Relaying project progress and performance is part of the communication exchange. Keep status updates concise and at a depth that is needed for the person receiving them. Convey project performance data in a manner that is easy to understand. Graphs make it easy for people to digest complex data and dashboards allow a multitude of data to be shown in a singular location so the reader does not have to spend valuable time looking for it. Don’t make your reader work to understand your message.
Clearly define the work
Many teams want to rush into the design phase and not pay enough credence to the requirements and architecture phases. Defining value-added requirements and creating an architecture to meet those requirements is extremely important for the success of a project since these items become the framework for the project. Details matter, so it’s worthwhile to take time to define them. It’s substantially less expensive to do a thorough job with the requirements and architecture, even if it costs a few weeks of schedule and labor time than paying for it in rework later down the road.
Together with the person sanctioning the development, define the project scope, goals, and deliverables. Over-communicate initially and keep verifying for understanding. Never assume you and the other person both said and heard the same things. By echoing back what you heard the other person say, you affirm their message and you create an opportunity to correct any misunderstandings that occurred. In the end, the objective is to provide clarity for everyone involved. By providing clarity, people can take ownership and are able to make decisions during the project execution that support the product objectives.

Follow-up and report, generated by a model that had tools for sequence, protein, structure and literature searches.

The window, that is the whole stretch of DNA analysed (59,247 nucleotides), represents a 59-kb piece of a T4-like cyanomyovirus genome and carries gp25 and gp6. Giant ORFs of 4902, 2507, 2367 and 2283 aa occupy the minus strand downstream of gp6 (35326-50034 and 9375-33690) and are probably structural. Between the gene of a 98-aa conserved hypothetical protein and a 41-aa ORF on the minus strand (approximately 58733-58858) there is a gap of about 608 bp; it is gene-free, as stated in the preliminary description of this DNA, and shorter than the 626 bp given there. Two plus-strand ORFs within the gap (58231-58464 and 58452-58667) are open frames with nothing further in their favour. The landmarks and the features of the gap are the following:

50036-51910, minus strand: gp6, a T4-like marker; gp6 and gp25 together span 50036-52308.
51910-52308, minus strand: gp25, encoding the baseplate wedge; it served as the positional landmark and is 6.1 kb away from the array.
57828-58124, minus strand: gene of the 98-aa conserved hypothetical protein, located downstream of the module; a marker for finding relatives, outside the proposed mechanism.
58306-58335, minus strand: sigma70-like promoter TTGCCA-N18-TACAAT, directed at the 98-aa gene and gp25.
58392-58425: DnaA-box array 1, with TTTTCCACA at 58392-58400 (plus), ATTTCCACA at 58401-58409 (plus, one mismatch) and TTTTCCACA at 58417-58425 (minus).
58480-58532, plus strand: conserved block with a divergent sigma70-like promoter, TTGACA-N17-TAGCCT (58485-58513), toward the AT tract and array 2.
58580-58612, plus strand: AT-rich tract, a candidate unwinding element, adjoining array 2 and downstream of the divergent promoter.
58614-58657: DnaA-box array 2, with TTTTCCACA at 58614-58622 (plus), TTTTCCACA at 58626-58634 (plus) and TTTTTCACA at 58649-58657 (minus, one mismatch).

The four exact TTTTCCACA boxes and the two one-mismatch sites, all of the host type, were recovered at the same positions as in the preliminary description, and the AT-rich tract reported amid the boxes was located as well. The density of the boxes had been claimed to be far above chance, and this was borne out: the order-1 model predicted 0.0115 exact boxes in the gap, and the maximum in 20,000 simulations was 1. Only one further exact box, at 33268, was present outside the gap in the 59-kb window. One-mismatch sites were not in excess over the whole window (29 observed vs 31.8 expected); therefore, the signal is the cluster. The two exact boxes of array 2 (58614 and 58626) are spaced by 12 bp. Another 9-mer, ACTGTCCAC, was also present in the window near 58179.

There are three focal points that I’ve found helpful when defining a project. First, define the “problem statement.” In other words, what need is the product or service attempting to solve? By answering this question, it grounds the remainder of the definition efforts and provides a means for the team to gauge if ideas and concepts being discussed directly aid in the solution. Second, define “done.” Clearly state when the solution is acceptable to stop developing further (at least for now). Third, don’t forget to define and record performance parameters when defining the product. There’s nothing worse than spending months developing a design to discover it’s not fast enough for the intended use, it has too many operational steps, or the communication range is subpar.
Getting the right balance of product features, product cost, development cost, and development schedule is a key goal for any project. Taking the time to talk through these key attributes will keep the team focused and empowered during the development phase.
Our product development team has learned the importance of communication over the years. Indesign, LLC is a multi-discipline engineering design firm that provides full turnkey electronic product development to allow clients to get their new product ideas into the market quickly. Indesign offers complete product development capabilities, starting with a product concept and finishing with a ready-to-manufacture design. Indesign has an ISO certified product development process and a proven track record for on-time, on-budget, high-quality product realization. To learn more about us and our services, contact us at (317) 377-5450 today!
The topics discussed above set the foundation for a sound product development experience. Next month I’ll discuss project planning and project execution tips that can keep a project from becoming one of “those” projects.